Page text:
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Repo Men repossesses its own message

Released in time for the US health care debate, Miguel Sapochnik's movie lacks satirical bite.


Anybody who cared to know the facts about US health care debate wasn't waiting to learn them from Repo Men. That's why simple topicality isn't good enough. In order to work as science fiction allegory, the movie needs satiric bite. A better movie would weigh the personal toll of corporate greed as a nightmarish comedy, like some next level hybrid of Tupac and Tim Roth's 1997 Gridlock'd with the formalist energy of Trainspotting and Three Kings. As it stands, Repo Men (worst title all month) is another genre flick trying to look smart by attaching itself to political headlines. Jude Law is Remy, making his living repossessing the organs of transplant recipients who can't pay for them. Then when he's given an artificial heart, he falls behind on his monthly payments and tries to escape becoming a victim of his own corrupt practice. The images of scalpels ripping through flesh become tiring, the voice-over dialogue explains internal motivations, and action scenes are shoehorned into place. But at least director Miguel Sapochnik shoots with enthusiasm, even recreating the famous hammer fight from Old Boy. In Repo Men, Remy and his cohorts murder people to ensure everyone gets the same health benefits---the most obvious signpost of a message movie not having itself figured out since Steven Seagal blew up oil rigs to protect the environment.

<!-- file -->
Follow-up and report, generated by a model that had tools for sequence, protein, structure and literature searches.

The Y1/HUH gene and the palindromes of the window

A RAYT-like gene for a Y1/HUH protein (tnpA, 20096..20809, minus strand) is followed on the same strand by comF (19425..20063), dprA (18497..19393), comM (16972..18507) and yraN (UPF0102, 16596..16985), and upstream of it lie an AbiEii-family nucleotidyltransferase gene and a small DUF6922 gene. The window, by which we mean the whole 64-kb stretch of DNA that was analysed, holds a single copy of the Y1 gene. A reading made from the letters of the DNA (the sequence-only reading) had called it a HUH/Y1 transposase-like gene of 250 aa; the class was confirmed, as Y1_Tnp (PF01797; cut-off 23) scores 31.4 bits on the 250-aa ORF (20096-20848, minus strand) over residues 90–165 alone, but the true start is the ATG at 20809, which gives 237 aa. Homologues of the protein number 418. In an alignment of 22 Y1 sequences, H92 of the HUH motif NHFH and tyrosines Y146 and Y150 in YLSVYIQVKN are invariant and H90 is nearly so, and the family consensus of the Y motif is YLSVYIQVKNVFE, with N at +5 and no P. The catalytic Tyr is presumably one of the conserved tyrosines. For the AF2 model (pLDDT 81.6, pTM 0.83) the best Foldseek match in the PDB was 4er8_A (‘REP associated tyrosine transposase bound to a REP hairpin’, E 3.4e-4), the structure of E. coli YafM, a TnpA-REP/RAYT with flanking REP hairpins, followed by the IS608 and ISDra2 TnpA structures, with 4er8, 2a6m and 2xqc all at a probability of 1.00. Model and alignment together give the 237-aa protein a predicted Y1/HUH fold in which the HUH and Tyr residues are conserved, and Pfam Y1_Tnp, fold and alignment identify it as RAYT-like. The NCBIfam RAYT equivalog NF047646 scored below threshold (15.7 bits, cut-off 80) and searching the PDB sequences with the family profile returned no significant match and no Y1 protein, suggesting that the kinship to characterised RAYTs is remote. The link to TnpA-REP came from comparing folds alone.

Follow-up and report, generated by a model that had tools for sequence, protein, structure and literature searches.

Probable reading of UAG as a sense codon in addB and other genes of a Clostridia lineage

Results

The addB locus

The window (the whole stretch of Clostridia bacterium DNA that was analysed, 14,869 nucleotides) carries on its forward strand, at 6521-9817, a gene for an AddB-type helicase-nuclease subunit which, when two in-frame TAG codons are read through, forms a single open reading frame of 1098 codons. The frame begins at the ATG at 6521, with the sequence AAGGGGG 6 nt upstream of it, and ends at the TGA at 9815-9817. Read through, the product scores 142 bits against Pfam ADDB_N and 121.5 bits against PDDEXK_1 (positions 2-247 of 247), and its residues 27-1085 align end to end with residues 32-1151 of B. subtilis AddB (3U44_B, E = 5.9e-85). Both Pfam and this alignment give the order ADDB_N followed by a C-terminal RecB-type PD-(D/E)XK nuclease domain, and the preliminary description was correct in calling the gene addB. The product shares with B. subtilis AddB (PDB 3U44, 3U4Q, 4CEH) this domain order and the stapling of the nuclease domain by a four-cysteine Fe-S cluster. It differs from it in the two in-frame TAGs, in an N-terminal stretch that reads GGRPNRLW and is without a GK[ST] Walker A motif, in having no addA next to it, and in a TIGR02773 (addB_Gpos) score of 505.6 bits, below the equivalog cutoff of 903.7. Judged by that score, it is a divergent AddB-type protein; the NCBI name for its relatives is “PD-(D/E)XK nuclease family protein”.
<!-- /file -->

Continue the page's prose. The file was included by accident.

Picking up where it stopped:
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Repo Men

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Director: Miguel Sapochnik

Writer: Eric Garcia and Garrett Lerner

Producer: Mary Parent and Scott Stuber

Cast: Jude Law, Forest Whitaker, Alice Braga, Joe Pingue, Liev Schreiber, Carice van Houten, Liza Lapira, RZA, Chandler Canterbury and Yvette Nicole Brown


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